BV Coastal Estates Cabernet Sauvignon 2012, Napa Valley, California, $7
BV - or Beaulieu (Bow-loo) Vineyards - is a Napa Valley vineyard with a ton of history. It was one of Napa's first wineries, owned by a French family and made famous for their Cabs by a Russian winemaker, André Tchelistcheff. Tchelistcheff rose to become one of America's most influential post-Prohibition winemakers, creating what would become the classic style for California Cabernet Sauvignon - and he did this all at BV. The winery is no longer family-owned (it's owned by the conglomerate Diageo, PLC) and the wines they produce at the $7 price point are mainly bulk wine - wines made with grapes from all over the state with an eye toward consistent production over complexity and aging. A BV $7 Cab might not blow your mind with its depth and nuance, but it's going to give you the classic Cali can flavors - juicy black fruit with hints of vanilla and spice - without breaking your bank.
Kirkland Signature Malbec 2012, Mendoza, Argentina, $7
As I mentioned earlier in the post, Kirkland Signature is Costco's own label. The wines are created by winemakers that Costco selects - sometimes named, sometimes not - and sold under the Costco brand. I've found some incredible bargains under this label. Their $7 wines are varietally correct (meaning a Malbec from Kirkland tastes like a Malbec should) and consistent in quality. For $7, these wines meet your expectations and occasionally might knock your socks off.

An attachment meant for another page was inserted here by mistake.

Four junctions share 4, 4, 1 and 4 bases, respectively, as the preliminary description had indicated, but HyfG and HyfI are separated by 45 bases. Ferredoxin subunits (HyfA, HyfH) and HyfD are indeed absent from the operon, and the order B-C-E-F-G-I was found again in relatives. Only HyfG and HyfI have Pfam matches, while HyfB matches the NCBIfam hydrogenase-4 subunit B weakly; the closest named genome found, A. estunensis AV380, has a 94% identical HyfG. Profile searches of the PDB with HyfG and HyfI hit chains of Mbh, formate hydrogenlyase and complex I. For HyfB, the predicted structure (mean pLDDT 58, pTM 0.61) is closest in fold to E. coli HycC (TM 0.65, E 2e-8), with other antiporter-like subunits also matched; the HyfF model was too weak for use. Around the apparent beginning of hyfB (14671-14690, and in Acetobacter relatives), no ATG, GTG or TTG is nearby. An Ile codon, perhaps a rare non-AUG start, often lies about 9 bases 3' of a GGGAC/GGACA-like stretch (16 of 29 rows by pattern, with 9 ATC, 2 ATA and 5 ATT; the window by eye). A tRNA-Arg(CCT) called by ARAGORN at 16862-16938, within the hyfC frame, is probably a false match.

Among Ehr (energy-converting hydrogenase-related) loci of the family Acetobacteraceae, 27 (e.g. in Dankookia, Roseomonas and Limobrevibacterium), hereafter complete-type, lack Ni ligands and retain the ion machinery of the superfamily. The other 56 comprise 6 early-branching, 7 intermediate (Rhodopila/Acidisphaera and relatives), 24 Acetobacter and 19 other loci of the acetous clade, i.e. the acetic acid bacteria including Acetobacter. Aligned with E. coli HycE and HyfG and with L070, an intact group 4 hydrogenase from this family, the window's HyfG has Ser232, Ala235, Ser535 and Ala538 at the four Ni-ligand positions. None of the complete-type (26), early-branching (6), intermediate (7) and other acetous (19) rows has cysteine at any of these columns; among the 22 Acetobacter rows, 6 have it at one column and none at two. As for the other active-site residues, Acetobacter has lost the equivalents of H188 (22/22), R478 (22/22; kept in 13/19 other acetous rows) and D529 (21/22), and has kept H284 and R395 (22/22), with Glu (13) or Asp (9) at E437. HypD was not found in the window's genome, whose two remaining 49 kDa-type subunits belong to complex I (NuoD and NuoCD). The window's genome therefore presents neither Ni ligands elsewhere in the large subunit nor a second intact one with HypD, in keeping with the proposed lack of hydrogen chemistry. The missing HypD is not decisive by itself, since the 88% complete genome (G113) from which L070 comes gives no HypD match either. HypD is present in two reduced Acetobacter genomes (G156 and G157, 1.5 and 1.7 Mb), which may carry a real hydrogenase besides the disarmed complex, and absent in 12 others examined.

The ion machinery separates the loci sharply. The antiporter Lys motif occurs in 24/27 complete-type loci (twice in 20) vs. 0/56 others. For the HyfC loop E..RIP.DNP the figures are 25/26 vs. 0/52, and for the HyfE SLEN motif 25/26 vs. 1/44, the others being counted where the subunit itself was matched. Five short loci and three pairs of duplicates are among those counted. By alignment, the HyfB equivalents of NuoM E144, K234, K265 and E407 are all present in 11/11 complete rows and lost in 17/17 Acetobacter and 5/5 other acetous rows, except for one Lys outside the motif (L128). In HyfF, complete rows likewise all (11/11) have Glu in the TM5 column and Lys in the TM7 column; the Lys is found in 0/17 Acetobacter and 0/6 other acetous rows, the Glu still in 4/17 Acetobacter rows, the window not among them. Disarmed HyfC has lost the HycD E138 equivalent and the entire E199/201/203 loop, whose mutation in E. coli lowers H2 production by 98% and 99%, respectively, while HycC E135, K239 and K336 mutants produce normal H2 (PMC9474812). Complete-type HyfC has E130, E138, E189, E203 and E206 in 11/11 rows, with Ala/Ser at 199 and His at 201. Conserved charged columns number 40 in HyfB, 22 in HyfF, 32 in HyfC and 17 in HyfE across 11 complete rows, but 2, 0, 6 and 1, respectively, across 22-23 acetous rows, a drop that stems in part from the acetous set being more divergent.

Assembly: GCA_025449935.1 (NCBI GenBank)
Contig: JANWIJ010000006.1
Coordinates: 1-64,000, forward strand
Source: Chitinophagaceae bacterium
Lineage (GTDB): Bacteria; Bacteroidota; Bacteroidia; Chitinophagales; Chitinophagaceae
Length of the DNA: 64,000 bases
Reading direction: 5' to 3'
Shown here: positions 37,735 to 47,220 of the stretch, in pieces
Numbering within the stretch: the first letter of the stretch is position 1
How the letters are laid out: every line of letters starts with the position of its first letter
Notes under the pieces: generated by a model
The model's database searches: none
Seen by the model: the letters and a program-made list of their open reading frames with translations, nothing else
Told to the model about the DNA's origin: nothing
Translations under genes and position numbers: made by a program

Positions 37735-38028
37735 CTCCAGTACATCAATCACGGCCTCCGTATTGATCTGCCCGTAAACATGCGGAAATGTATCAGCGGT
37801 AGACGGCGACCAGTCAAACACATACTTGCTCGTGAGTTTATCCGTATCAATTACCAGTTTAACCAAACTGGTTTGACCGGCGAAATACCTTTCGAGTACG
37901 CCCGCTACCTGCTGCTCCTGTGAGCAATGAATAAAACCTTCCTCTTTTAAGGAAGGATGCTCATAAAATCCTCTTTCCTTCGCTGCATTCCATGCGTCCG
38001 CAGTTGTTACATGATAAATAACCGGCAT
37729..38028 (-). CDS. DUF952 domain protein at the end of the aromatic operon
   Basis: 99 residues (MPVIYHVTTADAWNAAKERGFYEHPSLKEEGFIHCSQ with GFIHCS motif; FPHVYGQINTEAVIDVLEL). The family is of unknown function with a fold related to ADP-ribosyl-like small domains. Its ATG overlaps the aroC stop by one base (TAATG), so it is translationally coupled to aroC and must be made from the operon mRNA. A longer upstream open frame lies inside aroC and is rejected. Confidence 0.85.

Kirkland Signature Meritage 2011, Napa Valley, California, $11
Another Kirkland steal. What's great about bottles at this price point is that it encourages you to try wines you may have never tried before - like Meritage! Meritage is a blend of Cabernet Sauvignon, Merlot, Cabernet Franc, and sometimes Petit Verdot, blended at different percentages depending on the winemaker's taste. It can be complex and subtle, or sometimes flat and cloying - you never know until you try it. I haven't tried this particular vintage (an oversight, obviously; I'll be buying some next time I'm in Costco!), but at $11, it's worth a shot.
Francis Coppola Diamond Collection Black Label Claret 2012, $12-14 (depends on the vintage)
"Claret" is a term coined by the British (Emma's people) to describe Cabernet-based wines. This Coppola Claret is a blend of Cab Sauv, Petit Verdot, Malbec and Cabernet Franc. It's a tapestry of fruit flavors on the palate: black cherry, plum and a little bit of licorice. Coppola owns another of Napa's historic vineyards. Originally cultivated by Gustave Niebaum in 1910, the vineyard was called Inglenook and owned by the Niebaum descendants through the 1960s. This wine at this price point is bulk wine, but a legitimate weeknight option, and one that Emma and I drink semi-regularly.
Freixenet Cordon Negro Brut Cava, Spain, $16 for two bottles
Freixenet Cava is sometimes known as "black bottle bubbly," and is the most imported sparkling wine in the world. Cava is Spanish sparkling wine, made in the same style as Champagne. This bubbly is crisp and clean, with notes of apple, pear, bright citrus, and ginger. This Cava is a go-to for us when we want to serve bubbles at a party, but not break the bank. We've also used it for mimosas, kir royale, and straight up sipping. At Costco in comes in a pack of two, which is good, because as readers of this blog know, we believe bubbles are for all occasions and you should always have one chilling in the fridge.
Weeknight Wine isn't all that's sold at Costco - they have a great selection of "premium" wines ( $15 and over) as well! Stay tuned for that post on Friday!